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SOME PRINCIPLES OF MEMORY SCHEMATA

IP.com Disclosure Number: IPCOM000128900D
Original Publication Date: 1975-Jul-01
Included in the Prior Art Database: 2005-Sep-20
Document File: 12 page(s) / 46K

Publishing Venue

Software Patent Institute

Related People

DANIEL O. BOBROW: AUTHOR [+4]

Abstract

A fundamental aspect of the structure of material contained within a large, intelligent memory system is that the contexts in which units of the stored information are accessed are critically important in determining how that information is interpreted and used. There are numerous proposals for the representation of information within memory. Most of the schemes currently under active consideration can be viewed as variants of list structures or semantic network structures. All these proposals have a number of common features, including context-independent linkage between units, and separation of processing and data elements. In this paper we propose a different form for the representation of information which embodies the opposite assumptions about linkage and the separation of data and process. We examine some implications of these memory structures with respect to how the connections among different memory units are formed and interpreted, and we examine some of the issues of processing that arise when these memory structures are used. The form of our structures is an amalgamation of the principles from the literature on semantic networks, (for example, Norman, Rumelhart, & LNR, 1975; Quillian, 1969) the literature on actors (Hewitt, Bishop, & Steiger, 1974; Kay, 1974) and the new ideas on ";frames"; (Minsky, 1975; Winograd, 1975). We call our structures schemata to emphasize that they differ somewhat from any existing proposals. The word ";schema"; is taken from the psychological literature, where it has had a long history, most commonly associated with the work on memory by Bartlett (1932), and by Piaget. We propose that one schema refers to another only through use of a description which is dependent on the context of the original reference. We also propose that these schemata are active processing elements which can be activated from higher level purposes and expectations, or from input data which must be accounted for.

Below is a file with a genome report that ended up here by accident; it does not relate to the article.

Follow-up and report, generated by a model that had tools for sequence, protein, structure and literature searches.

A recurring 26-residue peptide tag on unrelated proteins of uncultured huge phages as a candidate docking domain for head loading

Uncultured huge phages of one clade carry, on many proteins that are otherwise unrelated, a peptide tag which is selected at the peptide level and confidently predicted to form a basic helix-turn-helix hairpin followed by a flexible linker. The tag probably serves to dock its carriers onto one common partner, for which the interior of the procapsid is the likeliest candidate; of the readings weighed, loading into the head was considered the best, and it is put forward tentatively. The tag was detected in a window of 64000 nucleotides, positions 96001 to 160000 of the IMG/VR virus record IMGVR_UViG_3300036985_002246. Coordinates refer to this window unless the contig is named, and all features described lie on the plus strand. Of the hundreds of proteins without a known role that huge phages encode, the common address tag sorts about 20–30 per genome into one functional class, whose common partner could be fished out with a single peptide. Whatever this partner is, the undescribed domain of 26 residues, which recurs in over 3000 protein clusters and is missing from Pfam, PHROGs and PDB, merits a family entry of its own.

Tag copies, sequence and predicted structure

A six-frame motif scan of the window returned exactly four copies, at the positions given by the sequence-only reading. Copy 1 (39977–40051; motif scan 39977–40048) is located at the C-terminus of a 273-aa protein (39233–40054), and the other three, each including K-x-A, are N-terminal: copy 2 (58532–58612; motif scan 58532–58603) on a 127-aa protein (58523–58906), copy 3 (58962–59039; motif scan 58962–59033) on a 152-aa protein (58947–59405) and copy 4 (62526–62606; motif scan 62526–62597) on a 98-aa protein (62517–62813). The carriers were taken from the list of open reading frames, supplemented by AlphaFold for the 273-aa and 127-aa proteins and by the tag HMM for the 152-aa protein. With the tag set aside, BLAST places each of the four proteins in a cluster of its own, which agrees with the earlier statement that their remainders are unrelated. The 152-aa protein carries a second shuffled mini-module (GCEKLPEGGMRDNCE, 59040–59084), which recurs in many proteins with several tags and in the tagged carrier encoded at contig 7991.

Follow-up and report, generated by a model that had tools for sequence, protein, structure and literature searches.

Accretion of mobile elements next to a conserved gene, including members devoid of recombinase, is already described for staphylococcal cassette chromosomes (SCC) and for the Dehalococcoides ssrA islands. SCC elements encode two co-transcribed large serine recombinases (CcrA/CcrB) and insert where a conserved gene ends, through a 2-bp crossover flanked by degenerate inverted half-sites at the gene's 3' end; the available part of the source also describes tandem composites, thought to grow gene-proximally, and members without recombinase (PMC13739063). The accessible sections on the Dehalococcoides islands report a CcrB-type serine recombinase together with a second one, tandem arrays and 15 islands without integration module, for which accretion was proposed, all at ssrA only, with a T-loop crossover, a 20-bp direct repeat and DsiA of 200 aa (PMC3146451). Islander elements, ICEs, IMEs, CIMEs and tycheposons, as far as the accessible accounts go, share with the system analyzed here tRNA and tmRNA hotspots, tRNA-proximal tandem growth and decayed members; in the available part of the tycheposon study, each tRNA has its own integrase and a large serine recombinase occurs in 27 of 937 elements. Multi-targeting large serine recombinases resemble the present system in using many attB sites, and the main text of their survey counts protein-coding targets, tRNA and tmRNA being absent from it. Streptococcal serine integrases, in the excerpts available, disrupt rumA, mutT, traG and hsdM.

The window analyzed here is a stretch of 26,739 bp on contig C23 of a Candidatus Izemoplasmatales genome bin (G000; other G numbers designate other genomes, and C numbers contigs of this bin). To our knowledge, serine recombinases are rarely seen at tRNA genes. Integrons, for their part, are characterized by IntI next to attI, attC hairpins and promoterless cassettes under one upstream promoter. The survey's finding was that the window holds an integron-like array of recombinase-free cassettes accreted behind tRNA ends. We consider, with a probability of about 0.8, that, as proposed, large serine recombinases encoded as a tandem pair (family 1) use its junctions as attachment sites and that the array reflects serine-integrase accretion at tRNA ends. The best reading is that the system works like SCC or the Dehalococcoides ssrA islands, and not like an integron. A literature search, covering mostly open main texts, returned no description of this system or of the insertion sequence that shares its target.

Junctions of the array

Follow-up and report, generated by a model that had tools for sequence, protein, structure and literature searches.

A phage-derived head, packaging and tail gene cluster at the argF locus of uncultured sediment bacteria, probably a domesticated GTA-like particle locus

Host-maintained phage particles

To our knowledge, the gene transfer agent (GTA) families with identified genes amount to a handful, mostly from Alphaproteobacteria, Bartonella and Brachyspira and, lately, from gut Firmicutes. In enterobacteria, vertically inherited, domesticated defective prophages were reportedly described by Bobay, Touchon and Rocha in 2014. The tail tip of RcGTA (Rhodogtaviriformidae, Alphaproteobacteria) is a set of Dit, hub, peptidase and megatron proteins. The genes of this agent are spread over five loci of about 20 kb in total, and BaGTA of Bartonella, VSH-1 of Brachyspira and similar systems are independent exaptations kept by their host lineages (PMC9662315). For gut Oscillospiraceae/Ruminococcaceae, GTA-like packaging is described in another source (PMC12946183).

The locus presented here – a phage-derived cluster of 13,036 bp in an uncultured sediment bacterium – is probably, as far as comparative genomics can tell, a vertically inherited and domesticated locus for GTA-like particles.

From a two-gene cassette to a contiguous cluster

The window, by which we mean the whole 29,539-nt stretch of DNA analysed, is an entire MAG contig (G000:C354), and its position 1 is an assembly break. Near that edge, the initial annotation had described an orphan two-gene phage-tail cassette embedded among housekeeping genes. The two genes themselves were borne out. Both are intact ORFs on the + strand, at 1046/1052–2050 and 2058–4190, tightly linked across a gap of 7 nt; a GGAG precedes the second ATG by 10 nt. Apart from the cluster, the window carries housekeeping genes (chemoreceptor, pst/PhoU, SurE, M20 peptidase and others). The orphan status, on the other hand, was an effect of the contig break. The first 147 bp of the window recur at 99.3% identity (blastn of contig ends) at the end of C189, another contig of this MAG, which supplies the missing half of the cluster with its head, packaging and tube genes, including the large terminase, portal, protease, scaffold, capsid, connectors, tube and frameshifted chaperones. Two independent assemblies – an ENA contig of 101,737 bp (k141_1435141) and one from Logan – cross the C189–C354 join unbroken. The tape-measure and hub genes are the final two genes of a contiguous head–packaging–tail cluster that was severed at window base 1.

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Page 1 of 12

THIS DOCUMENT IS AN APPROXIMATE REPRESENTATION OF THE ORIGINAL.

©; Xerox Palo Alto Research Center, July, 1975

SOME PRINCIPLES OF MEMORY SCHEMATA

BY DANIEL O. BOBROW AND DONALD A. NORMAN 1 CSL 75~4 JULY 1975

This paper deals with two related issues about memory: access and processing. Consideration of the properties of human memory lead us to suggest that memory is organized into structural units: schemata. We suggest that memory schemata refer to one another by means of context dependent descriptions that specify the referent unambiguously only with respect to a particular context. We argue that this method of memory reference has a number of desirable features for any intelligent memory system. For one, it leads automatically to metaphorical and analogical match of memory structures. For another, it produces systems that are robust and relatively insensitive to errors.

Consideration of systems which have limits on processing resources leads to some basic principles of processing that apply to memory structures. The quality of output of some processes is limited by the quality of data available to them (these are data-limited processes). The quality of the output of other processes is limited by the amount of processing resources available to them (these are resource-limited processes). All processes are either data-limited or resource-limited. We suggest that the overall system is driven from two levels -- by the data, and by concepts or hypotheses of what is expected. These considerations of processing principles provide some useful interpretations of psychological phenomena, and suggest possible useful computational models for artificial systems.

Key Words and Phrases:

memory, access, schemata, human processing models, context-dependent descriptions, data- limited processes, resource-limited processes

CR Categories:

3.65,3.36

XEROX

PALO ALTO RESEARCH CENTER 3333 COYOTE HILL ROAD / PALO ALTO / CALIFORNIA 94304

TABLE OF CONTENTS

I. Introduction.....1
II. Memory Access Using Descriptions....2
A. Context-dependent descriptions....3
B. The form of a description....5

1 Donald A. Norman is in the Department of Psychology, University of California, San Diego.

Xerox Corporation Page 1 Jul 01, 1975

Page 2 of 12

SOME PRINCIPLES OF MEMORY SCHEMATA

C. Properties of context-dependent descriptions....6
III. Processing Structures.....8
A. Basic processing principles....10
B. Data-limited and resource-limited processes....11
C. Event driven schemata....13
D. Depth of processing....15
E. The organization of processing....16
IV. Summary.....19
References.....22

I. INTRODUCTION

A fundamental aspect of the structure of material contained within a large, intelligent memory system is that the contexts in which units of the stored information are accessed are critically important in determining how that information is interpreted and used. There are numerous proposals for the representation of information within memory. Most of the schemes currently...